Mobile menu
Welcome back to the royal residences. Find out more about our measures to keep you safe.

Raphael's career as an architect saw him work on St Peter's Basilica, Vatican

Rudolph Redtenbacher (1840-85)

Plans of Villa Madama published 1876

Lithograph | 18.7 x 26.9 cm (sheet of paper) | RCIN 854177

Your share link is...

  Close

A lithograph after a drawing now in the Uffizi, Florence representing plans of Villa Madama, an unfinished architectural project started c.1518 by Raphael and decorated after Raphael's death by his workshop. This print is lettered with a title, which attributes the drawing to Antonio da Sangallo, and the numbers "Fig. 1; Fig.2". Lettered throughout. According to Ruland (1876), this print was published by R. Redtenbacher in "Lutzow's Zeitschrift" (1876, no. II). Annotated on the verso.

Scholarly opinion traditionally agreed that, although Pope Leo X took a strong personal interest in the project of Villa Madama, his cousin Cardinal Giulio de' Medici (later Pope Clement VII) was ultimately responsible for this project. In a book about the Villa, Lefevre (see Bibliographic References) published an archival document attesting that the vineyard of the Villa – built on the slopes of Monte Mario, not far from the Vatican – was owned by the Vatican Chapter and therefore by Pope Leo X, rather than the Medici family. According to Lefevre, Giulio de' Medici owned the Villa only after the death of Leo X, who, whilst alive, entrust ed the project to his cousin.

The magnificent original plan was never put in place: the construction of the Villa seems to have stopped after the death of Raphael and only the decoration continued from 1520 to 1523. Giorgio Vasari in the lives of Giulio Romano and Raphael gives inconsistent information about the architect of the project and Lefevre believes that the authorship of Villa Madama should be assigned to Raphael, whose designs were used by Antonio da Sangallo and his workshop, while Giulio Romano, being Raphael's most experienced pupil, was in charge of the practical execution of the project.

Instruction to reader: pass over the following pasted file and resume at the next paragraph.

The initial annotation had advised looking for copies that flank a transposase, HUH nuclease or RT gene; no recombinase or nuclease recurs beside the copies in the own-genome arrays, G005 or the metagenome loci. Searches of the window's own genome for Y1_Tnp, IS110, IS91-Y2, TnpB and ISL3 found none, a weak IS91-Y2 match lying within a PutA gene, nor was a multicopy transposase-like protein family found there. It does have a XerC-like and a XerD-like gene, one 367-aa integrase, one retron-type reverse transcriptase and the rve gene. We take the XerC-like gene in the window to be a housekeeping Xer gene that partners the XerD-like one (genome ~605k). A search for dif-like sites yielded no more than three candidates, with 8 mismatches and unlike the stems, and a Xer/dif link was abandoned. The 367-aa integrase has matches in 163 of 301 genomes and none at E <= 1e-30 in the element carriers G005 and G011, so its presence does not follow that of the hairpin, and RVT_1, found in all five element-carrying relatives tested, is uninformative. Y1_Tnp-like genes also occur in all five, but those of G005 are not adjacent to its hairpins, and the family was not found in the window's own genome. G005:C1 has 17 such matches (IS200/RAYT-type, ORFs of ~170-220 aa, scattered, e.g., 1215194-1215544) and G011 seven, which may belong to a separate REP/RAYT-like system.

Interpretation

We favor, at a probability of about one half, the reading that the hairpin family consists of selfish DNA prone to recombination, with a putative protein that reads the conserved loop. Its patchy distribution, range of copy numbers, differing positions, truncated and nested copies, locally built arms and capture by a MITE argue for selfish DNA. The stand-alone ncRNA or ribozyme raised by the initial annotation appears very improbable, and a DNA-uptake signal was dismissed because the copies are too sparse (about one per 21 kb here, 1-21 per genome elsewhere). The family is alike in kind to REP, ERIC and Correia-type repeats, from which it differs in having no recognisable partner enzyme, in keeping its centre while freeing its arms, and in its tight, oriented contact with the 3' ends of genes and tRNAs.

According to Jones and Penny (see Bibliographic References), the Cardinal wanted Giovanni da Udine to execute the stuccoes and Giulio Romano the paintings (or at least to design them), therefore showing that the decorative plans had not been decided upon before Raphael's death. Although Vasari does not mention Baldassarre Peruzzi in relation to this project, recent literature has confirmed his involvement and Lefevre suggests that Giovanni Penni may also have been involved.

  • Creator(s)

    Rudolph Redtenbacher (1840-85) (author)

    Associated with Antonio da Sangallo the Younger (1484-1546) (architect)

    Associated with Raphael (Urbino 1483-Rome 1520) (designer)

    Associated with Giulio Romano (Rome c. 1499-Mantua 1546) (artist)

  • annotation: illegible [verso, centre, In ink]
  • 18.7 x 26.9 cm (sheet of paper)

  • Progetto per la Villa Madama a Roma (di A. da S.Gallo)

  • Added to the Prince Consort's Raphael Collection (c.1853-76)

  • Object type(s)
      • visual works
        • prints
    Subject(s)
    • Places
      • Europe
        • Italy
          • Lazio [Italy]
            • Rome [Lazio]
              • Villa Madama [Rome]
    • Arts, Recreation, Entertainment & Sport
      • Architecture
        • Architectural design
      • Art
        • Paintings
          • Frescoes
  • Other number(s)

    Ruland p.299 A.XII.13

    Bibliographic reference(s)

    Jones/Penny 1983 : Jones, R. and Penny, N. Raphael, 1983 pp. 226-234